Thursday, February 25

Biden’s Offer to Work with Republicans Faces First Real Test on Covid Relief | Joe biden

Joe Biden and his team have vowed to extend the bipartisan olive branch like no previous administration in a move that, on the surface, appears to coincide with the new president’s long political history of seeking Republican support.

Since taking office, the Biden administration has emphasized its willingness to work with Republicans on its major initiatives, such as a Covid relief bill. Behind the scenes, he has started a broad push to reach as many Congressional offices as possible, reaching out to former and current Republican lawmakers and their staffs, and hosting a high-visibility meeting between nearly a dozen Republican senators and Biden. the same.

But, it seems the president’s reach, perhaps to the relief of the party left and observers used to cynical Republican obstructionism, has its limits when it comes to actual decision-making.

Republicans warn that Biden and his team may not be keeping their promises. They complain that most of the interactions have taken place at the staff level. These Republicans say the initial flurry of executive orders issued by Biden in the early days of the president’s new administration suggests an underlying go-alone approach.

They also say that if the Biden administration passes a Covid aid bill through a legislative maneuver known as reconciliation, it will send a signal of the real limits of how willing Democrats are to negotiate broad bipartisan deals. And Republicans complain that the Democratic interest in using a Covid relief bill to pass a minimum wage increase is another example of how disinterested the ruling party is in working with Republicans.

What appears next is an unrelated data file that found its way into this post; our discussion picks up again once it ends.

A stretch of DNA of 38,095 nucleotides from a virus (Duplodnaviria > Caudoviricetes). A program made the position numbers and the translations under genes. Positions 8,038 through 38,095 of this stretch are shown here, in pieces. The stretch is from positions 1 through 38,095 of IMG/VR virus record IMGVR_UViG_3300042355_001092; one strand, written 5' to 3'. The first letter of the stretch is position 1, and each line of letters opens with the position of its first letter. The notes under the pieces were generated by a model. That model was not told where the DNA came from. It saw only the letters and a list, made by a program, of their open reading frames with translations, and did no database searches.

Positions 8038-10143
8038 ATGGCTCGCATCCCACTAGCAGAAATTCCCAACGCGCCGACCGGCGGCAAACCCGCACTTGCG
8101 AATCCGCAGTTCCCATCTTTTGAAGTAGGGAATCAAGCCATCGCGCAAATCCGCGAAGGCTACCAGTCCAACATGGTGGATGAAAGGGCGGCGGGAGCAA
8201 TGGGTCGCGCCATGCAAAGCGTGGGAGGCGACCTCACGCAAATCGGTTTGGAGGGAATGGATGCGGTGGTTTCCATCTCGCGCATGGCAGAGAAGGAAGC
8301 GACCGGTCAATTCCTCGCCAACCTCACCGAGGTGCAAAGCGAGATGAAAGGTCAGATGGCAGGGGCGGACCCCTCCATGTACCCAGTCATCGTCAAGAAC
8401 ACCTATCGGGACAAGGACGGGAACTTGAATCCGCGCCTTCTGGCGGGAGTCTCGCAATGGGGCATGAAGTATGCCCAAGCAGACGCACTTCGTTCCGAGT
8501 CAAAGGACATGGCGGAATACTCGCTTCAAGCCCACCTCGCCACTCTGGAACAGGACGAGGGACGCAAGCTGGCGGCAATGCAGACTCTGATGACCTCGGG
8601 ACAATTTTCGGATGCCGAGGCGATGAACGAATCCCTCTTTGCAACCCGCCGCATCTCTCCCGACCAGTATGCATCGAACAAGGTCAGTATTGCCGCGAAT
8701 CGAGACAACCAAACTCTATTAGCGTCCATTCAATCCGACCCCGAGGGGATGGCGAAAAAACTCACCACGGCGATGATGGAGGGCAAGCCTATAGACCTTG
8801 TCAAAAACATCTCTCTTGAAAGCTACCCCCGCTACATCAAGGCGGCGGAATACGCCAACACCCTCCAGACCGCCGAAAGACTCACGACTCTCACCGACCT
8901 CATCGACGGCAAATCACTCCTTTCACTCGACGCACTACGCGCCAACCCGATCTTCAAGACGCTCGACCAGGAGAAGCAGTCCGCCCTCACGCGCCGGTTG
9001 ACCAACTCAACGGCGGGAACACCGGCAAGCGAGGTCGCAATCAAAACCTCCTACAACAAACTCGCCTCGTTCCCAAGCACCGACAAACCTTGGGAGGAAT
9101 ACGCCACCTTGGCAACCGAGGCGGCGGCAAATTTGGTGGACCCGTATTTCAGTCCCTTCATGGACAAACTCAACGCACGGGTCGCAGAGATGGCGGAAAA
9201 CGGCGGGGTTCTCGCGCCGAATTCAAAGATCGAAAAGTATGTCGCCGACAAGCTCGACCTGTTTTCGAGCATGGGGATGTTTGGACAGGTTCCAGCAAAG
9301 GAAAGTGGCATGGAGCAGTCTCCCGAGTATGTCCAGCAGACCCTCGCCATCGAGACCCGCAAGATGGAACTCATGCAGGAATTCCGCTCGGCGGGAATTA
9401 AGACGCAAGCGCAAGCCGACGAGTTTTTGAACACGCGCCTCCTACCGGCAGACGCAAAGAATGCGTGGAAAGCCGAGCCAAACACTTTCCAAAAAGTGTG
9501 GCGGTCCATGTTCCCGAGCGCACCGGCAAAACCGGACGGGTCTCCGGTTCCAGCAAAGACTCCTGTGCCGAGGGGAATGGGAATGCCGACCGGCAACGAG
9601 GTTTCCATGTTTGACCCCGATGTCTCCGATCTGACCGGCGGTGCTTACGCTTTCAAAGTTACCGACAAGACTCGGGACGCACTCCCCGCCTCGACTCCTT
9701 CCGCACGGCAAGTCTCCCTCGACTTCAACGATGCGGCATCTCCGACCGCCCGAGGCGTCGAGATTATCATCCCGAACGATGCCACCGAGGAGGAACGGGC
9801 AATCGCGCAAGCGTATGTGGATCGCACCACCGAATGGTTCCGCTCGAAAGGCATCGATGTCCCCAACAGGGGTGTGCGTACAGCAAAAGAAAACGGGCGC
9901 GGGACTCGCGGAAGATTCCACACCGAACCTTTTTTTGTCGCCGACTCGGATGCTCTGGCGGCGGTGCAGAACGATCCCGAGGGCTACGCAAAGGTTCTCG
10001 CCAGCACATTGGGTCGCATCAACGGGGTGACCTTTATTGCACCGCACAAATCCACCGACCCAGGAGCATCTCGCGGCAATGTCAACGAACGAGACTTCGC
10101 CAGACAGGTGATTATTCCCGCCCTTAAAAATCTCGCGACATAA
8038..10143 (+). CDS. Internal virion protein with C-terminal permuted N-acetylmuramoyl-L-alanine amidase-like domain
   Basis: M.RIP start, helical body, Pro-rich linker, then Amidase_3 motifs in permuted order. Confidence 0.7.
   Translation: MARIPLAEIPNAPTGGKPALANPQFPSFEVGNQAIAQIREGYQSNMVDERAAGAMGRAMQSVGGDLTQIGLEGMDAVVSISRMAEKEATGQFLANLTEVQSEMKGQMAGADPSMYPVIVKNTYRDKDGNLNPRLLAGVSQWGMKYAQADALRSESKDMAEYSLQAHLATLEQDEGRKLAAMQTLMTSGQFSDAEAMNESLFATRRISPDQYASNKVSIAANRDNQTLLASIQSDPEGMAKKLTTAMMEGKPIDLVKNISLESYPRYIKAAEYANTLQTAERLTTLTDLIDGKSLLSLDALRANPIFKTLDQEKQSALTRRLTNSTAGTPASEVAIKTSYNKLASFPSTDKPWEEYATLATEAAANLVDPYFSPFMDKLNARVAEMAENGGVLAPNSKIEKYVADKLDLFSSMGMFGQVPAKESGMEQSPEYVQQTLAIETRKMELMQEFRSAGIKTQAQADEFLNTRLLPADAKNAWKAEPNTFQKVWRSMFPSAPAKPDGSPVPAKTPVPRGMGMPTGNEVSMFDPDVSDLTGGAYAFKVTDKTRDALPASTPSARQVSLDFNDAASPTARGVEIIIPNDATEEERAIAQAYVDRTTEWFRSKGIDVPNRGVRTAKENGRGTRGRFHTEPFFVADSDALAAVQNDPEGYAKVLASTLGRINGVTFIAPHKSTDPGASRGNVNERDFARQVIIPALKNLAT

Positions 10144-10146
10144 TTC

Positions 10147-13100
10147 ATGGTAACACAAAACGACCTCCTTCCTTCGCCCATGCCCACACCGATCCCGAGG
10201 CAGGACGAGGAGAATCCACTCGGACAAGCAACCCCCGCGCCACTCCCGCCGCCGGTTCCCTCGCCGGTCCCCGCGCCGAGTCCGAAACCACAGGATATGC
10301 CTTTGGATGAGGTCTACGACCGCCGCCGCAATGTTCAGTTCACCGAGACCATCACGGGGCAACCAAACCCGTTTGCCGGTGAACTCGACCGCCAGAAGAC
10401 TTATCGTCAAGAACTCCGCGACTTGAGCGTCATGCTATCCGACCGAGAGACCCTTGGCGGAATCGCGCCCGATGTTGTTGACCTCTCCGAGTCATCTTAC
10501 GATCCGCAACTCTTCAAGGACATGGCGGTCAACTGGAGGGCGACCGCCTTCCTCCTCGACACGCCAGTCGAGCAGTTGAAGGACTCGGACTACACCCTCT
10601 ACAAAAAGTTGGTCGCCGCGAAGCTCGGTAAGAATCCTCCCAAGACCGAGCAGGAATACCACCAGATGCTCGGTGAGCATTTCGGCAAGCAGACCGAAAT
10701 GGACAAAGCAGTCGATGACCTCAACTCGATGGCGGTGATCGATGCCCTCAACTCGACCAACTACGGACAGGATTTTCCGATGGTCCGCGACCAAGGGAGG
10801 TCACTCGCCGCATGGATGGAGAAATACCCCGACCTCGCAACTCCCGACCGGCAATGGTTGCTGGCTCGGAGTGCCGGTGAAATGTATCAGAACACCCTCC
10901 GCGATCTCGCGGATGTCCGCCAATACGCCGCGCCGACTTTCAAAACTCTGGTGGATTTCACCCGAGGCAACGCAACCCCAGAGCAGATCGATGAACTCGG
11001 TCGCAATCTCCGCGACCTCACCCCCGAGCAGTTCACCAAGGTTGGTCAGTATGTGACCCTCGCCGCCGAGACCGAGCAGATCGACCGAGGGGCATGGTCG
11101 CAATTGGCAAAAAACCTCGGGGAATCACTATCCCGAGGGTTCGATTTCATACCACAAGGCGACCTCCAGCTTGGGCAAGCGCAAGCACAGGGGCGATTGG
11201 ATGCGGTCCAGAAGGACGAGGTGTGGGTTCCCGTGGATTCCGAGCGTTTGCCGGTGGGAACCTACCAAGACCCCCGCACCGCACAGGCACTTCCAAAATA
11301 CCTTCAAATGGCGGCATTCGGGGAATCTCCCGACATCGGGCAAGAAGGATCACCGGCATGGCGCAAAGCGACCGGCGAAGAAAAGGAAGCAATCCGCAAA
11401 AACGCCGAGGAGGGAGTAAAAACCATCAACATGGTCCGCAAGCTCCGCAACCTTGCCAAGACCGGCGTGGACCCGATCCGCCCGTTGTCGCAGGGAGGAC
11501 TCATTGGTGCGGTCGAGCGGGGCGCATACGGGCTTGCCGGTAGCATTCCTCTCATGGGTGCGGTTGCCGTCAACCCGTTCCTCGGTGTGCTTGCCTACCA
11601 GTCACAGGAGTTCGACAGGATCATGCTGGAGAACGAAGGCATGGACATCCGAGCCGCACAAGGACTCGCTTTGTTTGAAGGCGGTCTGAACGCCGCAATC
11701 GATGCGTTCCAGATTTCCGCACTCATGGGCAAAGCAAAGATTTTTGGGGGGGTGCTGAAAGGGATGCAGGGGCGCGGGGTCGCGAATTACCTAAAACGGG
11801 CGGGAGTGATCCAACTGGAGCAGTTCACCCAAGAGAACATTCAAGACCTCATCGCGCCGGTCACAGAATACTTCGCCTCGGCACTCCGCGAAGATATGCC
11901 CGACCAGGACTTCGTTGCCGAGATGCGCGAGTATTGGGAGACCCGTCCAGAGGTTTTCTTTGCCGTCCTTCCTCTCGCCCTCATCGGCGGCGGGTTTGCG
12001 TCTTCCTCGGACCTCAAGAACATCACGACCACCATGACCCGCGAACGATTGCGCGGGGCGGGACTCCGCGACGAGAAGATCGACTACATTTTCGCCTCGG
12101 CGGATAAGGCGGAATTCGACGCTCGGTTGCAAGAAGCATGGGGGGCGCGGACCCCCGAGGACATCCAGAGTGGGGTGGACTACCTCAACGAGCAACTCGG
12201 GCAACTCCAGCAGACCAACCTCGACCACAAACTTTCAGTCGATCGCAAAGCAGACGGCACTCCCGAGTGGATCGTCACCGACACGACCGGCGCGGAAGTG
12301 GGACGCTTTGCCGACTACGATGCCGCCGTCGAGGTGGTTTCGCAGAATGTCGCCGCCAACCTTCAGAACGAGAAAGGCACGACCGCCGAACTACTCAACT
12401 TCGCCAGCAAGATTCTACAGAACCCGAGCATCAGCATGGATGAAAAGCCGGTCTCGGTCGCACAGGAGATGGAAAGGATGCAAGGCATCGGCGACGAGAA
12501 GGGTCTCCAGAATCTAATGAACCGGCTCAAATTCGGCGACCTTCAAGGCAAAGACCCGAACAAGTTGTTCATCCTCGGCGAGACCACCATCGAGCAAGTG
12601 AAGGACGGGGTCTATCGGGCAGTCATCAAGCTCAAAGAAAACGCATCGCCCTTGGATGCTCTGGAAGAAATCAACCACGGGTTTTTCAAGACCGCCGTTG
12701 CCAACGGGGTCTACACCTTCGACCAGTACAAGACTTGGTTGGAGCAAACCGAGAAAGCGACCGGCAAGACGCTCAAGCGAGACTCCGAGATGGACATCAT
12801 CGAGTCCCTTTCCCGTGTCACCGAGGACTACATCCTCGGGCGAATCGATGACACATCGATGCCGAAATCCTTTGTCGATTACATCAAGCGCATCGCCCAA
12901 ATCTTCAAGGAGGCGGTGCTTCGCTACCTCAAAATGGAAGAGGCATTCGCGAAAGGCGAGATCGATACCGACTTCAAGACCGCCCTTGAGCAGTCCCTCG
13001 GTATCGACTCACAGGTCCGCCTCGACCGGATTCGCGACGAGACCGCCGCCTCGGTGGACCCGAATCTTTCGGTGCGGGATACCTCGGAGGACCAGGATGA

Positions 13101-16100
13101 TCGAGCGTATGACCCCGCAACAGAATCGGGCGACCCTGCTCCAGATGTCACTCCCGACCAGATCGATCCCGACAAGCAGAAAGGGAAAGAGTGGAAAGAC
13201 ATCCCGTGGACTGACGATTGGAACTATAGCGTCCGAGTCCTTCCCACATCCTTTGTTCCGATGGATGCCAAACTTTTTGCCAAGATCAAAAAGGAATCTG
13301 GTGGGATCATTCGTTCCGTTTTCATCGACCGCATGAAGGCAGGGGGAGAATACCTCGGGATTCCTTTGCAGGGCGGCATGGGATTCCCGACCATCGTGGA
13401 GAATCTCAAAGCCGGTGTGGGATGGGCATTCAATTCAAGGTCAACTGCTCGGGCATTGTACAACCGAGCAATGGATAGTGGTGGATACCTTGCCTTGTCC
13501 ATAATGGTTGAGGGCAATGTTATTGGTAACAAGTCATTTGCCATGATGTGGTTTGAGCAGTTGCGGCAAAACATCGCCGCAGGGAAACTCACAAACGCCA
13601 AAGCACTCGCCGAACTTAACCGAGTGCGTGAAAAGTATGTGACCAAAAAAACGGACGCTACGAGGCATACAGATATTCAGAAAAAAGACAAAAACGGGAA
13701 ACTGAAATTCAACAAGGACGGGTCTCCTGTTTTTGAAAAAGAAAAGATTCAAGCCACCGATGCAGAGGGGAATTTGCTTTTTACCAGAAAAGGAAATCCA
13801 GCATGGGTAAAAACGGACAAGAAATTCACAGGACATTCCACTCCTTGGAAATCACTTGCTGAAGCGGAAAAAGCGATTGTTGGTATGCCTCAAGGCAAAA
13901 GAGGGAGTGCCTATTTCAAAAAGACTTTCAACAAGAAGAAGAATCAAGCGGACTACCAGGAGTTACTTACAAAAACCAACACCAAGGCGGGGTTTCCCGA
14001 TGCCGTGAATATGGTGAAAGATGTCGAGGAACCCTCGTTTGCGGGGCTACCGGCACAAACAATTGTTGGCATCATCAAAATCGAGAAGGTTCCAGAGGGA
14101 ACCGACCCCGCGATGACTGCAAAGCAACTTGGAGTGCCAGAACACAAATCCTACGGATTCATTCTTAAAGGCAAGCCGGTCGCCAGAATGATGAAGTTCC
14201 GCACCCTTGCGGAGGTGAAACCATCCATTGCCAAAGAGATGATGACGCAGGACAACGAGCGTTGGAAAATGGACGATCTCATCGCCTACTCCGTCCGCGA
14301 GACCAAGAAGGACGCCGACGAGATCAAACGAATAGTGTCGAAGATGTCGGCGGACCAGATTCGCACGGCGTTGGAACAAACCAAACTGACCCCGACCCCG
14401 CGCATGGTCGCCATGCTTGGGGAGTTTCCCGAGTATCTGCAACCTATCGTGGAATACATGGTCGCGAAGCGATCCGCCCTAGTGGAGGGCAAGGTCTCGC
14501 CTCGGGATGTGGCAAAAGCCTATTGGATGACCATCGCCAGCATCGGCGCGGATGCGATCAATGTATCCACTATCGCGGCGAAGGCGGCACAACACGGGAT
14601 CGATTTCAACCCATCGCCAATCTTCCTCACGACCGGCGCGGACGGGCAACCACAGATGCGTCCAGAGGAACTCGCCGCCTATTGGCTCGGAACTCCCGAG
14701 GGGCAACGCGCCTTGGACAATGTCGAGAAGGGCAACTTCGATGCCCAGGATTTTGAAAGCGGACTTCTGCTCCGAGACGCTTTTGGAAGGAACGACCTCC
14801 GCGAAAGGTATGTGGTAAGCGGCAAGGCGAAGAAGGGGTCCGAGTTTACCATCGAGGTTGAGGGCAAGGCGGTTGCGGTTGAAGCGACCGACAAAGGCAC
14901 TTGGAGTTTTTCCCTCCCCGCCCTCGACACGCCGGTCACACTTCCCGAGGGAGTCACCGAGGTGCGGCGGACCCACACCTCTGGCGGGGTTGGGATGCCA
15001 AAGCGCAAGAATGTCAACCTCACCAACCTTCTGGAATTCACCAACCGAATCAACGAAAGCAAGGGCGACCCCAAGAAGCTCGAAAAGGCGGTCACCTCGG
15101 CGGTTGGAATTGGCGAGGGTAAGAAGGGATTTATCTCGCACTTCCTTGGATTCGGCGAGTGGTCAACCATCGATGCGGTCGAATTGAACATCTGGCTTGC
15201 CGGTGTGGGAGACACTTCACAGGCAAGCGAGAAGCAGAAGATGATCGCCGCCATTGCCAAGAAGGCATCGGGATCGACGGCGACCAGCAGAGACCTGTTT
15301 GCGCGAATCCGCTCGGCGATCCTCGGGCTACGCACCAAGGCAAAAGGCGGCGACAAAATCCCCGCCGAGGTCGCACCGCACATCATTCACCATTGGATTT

“Biden talked about the unit. He had that meeting with the 10 but is being aggressively pushed by his so-called progressives, “said former Mississippi Senator Trent Lott, a Republican. “Your first real test will be what they end up doing in the Covid package if they don’t agree to drop the $ 1.9 billion, if they don’t agree not to include things like the $ 15 minimum wage, then don’t be too bipartisan. In fact, it could fail. “

Tensions may be brewing, but there has yet to be a big public party explosion. Biden regularly speaks with Republican lawmakers in person and over the phone, a Biden official noted. Some of those interactions are publicly known, including discussions with Senators Rob Portman of Ohio and Susan Collins of Maine.

“President Biden made good on his promise to unite Americans to address the challenges facing our country, and in office he has made clear his willingness to find common ground with Republican lawmakers to achieve this,” said the House spokesman. Blanca, Mike Gwin, in a statement. .

Republican lawmakers still express their willingness to speak and work with the Biden administration. After a group of nine Republicans met with Biden to discuss a compromise on a comprehensive Covid relief bill, Collins, one of the more centrist Republicans in Congress, said they had not reached a compromise but would continue to speak. .

“I wouldn’t say we got together in a pack tonight. Nobody expected that in a two-hour meeting, ”Collins told reporters after the meeting in early February. “But what we do agree to is to follow up and talk more at the staff level and with each other and with the president and vice president about how we can continue to work together on this important issue.”

Joe Biden and Kamala Harris meet with Republican lawmakers, including Mitt Romney, Susan Collins and Lisa Murkowski, to discuss a coronavirus relief package.